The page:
Digital Transformation and the integration of emerging technologies into the business is usually at the top of many a CEO’s and CIO’s agenda. You can’t swing a dead cat without finding a survey that supports this belief. Not that it’s at all surprising. The digitization of the business enables us to be more efficient, respond more rapidly to customer requests or market changes, and have better visibility into company operations. All great stuff.
And while moving from paper-based—or even Excel-based—processes to real-time, cloud-connected systems moves us forward, new capabilities like mobile, IoT, machine learning and AR/MR/VR only serve to extend, enhance and accelerate these advantages.
Yet every year we hear more stories about large DT initiatives that go way over-budget or fail outright. Now, I’m not saying these failures can’t be caused by bad technology choices or bad implementation partners, but these are not usually the primary contributing factor. So, what is the more likely culprit?
Inertia. Culture. Muscle Memory. Pick your favorite term for: “because we’ve always done it that way.”
McKinsey’s Karel Dorner and David Edelman assert that, “Being digital requires being open to reexamining your entire way of doing business…” I’ve often said mobile (and by extension DT project and other emerging technologies) is the greatest opportunity for business process re-engineering that can drive efficiency. For me, the opportunity to help redefine how things work, how to do things better, how to make life easier for people is a lot of fun and very energizing. However, it turns out that not everyone feels the same way. A whole bunch of folks in your company don’t want to change how things are done—for many reasons.
Some are incented to maintain status quo because it keeps customers happy, even though it may be bad for the company’s overall health.
- Example: Large franchise organization that had historically taken a laissez-faire attitude towards how their franchisees operate their own businesses. Taken to an extreme, they have evolved their systems to support dozens of different and unique business processes, even through each franchise had essentially the same operational goals and tools. Some franchises found a new way of doing things. Consequently, someone at corporate had to write code to add a new “feature” to support each new business process. Now, they’re not supporting the systems, so no skin off their nose. And the IT team gets to say “Yay, more technical debt!”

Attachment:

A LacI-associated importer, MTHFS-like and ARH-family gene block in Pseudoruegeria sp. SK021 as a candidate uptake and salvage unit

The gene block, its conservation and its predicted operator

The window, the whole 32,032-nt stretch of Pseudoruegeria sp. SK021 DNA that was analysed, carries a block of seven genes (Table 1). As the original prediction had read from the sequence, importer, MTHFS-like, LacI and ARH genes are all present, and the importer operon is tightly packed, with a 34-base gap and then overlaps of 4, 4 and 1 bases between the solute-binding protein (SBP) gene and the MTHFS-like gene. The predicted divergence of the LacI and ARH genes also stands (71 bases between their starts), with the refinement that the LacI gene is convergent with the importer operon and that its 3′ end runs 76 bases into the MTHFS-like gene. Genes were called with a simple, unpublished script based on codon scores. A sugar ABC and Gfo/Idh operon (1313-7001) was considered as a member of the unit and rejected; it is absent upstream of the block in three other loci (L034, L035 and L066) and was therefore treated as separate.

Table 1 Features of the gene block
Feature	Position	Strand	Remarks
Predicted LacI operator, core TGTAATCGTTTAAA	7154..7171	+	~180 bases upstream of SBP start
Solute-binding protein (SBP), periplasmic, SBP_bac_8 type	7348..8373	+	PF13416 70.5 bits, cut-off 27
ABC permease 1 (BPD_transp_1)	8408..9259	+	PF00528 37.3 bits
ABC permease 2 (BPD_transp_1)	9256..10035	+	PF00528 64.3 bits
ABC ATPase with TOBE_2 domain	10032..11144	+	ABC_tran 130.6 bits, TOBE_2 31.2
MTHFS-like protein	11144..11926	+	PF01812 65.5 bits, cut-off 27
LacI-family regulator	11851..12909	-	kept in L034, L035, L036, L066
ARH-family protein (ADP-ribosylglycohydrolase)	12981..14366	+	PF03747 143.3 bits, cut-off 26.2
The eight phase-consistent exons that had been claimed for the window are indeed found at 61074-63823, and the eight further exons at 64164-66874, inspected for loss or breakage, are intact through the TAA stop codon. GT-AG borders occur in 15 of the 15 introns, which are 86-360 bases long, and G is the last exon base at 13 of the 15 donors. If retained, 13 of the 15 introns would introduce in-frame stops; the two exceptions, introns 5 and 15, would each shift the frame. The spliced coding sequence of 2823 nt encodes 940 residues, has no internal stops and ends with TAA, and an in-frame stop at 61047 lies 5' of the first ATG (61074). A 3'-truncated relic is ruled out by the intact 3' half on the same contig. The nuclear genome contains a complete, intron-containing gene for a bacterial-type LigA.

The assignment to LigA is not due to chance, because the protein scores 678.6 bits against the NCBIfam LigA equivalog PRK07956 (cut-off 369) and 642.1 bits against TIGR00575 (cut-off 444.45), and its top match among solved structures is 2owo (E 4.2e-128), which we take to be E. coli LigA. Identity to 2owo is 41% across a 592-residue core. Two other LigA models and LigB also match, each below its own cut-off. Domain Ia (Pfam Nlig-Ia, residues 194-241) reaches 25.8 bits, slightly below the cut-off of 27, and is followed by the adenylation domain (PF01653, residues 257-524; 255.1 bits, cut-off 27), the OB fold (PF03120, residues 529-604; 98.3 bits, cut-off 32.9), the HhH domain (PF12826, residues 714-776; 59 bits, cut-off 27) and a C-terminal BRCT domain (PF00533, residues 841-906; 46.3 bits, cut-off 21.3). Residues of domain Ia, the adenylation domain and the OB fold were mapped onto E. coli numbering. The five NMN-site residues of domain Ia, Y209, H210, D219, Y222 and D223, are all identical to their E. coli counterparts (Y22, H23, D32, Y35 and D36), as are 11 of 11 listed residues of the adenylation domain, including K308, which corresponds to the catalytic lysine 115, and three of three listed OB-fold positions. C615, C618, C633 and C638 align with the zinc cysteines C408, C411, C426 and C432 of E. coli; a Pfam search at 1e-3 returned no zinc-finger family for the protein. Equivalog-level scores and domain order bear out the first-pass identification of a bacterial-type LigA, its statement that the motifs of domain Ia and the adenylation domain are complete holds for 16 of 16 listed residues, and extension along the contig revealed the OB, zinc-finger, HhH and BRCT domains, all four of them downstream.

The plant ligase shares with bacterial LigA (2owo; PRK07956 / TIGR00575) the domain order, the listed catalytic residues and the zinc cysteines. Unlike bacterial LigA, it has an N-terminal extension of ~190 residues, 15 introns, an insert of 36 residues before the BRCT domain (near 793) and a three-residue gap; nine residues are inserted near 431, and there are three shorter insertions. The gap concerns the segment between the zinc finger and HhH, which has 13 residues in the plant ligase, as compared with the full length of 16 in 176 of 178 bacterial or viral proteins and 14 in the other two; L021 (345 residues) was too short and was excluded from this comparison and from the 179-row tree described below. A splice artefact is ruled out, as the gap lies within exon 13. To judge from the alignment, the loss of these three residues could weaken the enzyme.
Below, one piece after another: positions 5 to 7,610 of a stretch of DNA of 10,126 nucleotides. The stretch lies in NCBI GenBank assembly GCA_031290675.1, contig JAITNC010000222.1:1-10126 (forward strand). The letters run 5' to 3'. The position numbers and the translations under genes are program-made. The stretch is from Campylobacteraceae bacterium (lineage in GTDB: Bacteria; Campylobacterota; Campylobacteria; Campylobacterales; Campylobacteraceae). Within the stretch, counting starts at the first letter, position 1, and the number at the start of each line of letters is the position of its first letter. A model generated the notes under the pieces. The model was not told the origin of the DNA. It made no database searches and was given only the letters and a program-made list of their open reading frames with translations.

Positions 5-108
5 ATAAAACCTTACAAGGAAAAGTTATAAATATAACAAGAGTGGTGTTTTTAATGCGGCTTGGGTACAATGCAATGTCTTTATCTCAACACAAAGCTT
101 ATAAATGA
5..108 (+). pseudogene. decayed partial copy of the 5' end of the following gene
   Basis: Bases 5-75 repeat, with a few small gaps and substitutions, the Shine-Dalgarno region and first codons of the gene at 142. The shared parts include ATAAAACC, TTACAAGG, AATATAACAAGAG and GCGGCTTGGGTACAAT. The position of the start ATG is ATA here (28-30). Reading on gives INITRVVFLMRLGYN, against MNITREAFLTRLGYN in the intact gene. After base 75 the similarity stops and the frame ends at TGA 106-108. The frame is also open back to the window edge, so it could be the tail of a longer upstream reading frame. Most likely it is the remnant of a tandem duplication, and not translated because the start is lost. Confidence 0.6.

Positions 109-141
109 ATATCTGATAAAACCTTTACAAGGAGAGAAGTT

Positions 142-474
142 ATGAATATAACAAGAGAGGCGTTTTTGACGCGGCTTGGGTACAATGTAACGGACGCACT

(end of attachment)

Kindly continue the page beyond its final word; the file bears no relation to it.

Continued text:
Others don’t want to change because they feel they’re experts in the current way and that if things change, not only will they have to learn something new, but they lose any perceived advantages they think they have over newer employees. Similarly, older employees (who are already concerned about being tossed for younger, cheaper employees) are now convinced this is happening, the new system is accelerating this shift, and they are doomed. These are not happy people.
- Example: Travel Agents in the early 2000s. It may be hard to remember, but there was a time before the Internet. No Expedia, no Priceline, no Kayak. You wanted to fly somewhere, you booked through a travel agent. The systems they’ve been using for 30+ years run on monochromatic screens and the agents know every keyboard shortcut in the book, every hack to get the best fares. And they get a reasonable commission.Enter the Internet. Enter the shift to ancillary fees. Enter personalization and offer management. The large travel technology platform players (e.g. Sabre, Travelport, Amadeus, and the like) start to rewrite legacy agency platforms and adopt newer UI and behavior patterns as part of a large modernization strategy. Understandably, a lot of the legacy travel agents weren’t so bullish on the move.
There’s another group that thinks everything is working fine today and there’s no reason to change. Common refrains: “We became a $20B company doing it this way!” “If it ain’t broke, don’t fix it.”
- Example: Phil Jackson as the Knicks GM, versus Daryl Morey of the Rockets (if you don’t get the reference go to next years’ MIT Sloan Sports Analytics conference or read/watch Michael Lewis’ Moneyball).
At one time or another in your career you’ve met these people, worked with these people, been on project teams with them. They’re really nice people, smart people, great-to-have-a-beer-with people. But in ways large and small they undermine the progress the organization is trying to make.
So, what can we do, not just to get these groups on board with coming changes, but also so we may benefit from their insight?
Here are 5 steps I’ve found useful:
Communicate the Vision
Explain the reasons why you’re undertaking the new initiative. Highlight the real business problems you’re trying to address. What are the goals you want to achieve? Where you can, be specific in terms of the benefits—financial, customer acquisition, and other metrics—that are meaningful to your company. Where you can, provide anecdotes of how this will make roles/activities easier. Sometimes showing how benefits accrue to digital leaders over digital laggards also provides some clarity. Nobody wants to be the next Sears and get crushed by the next Amazon.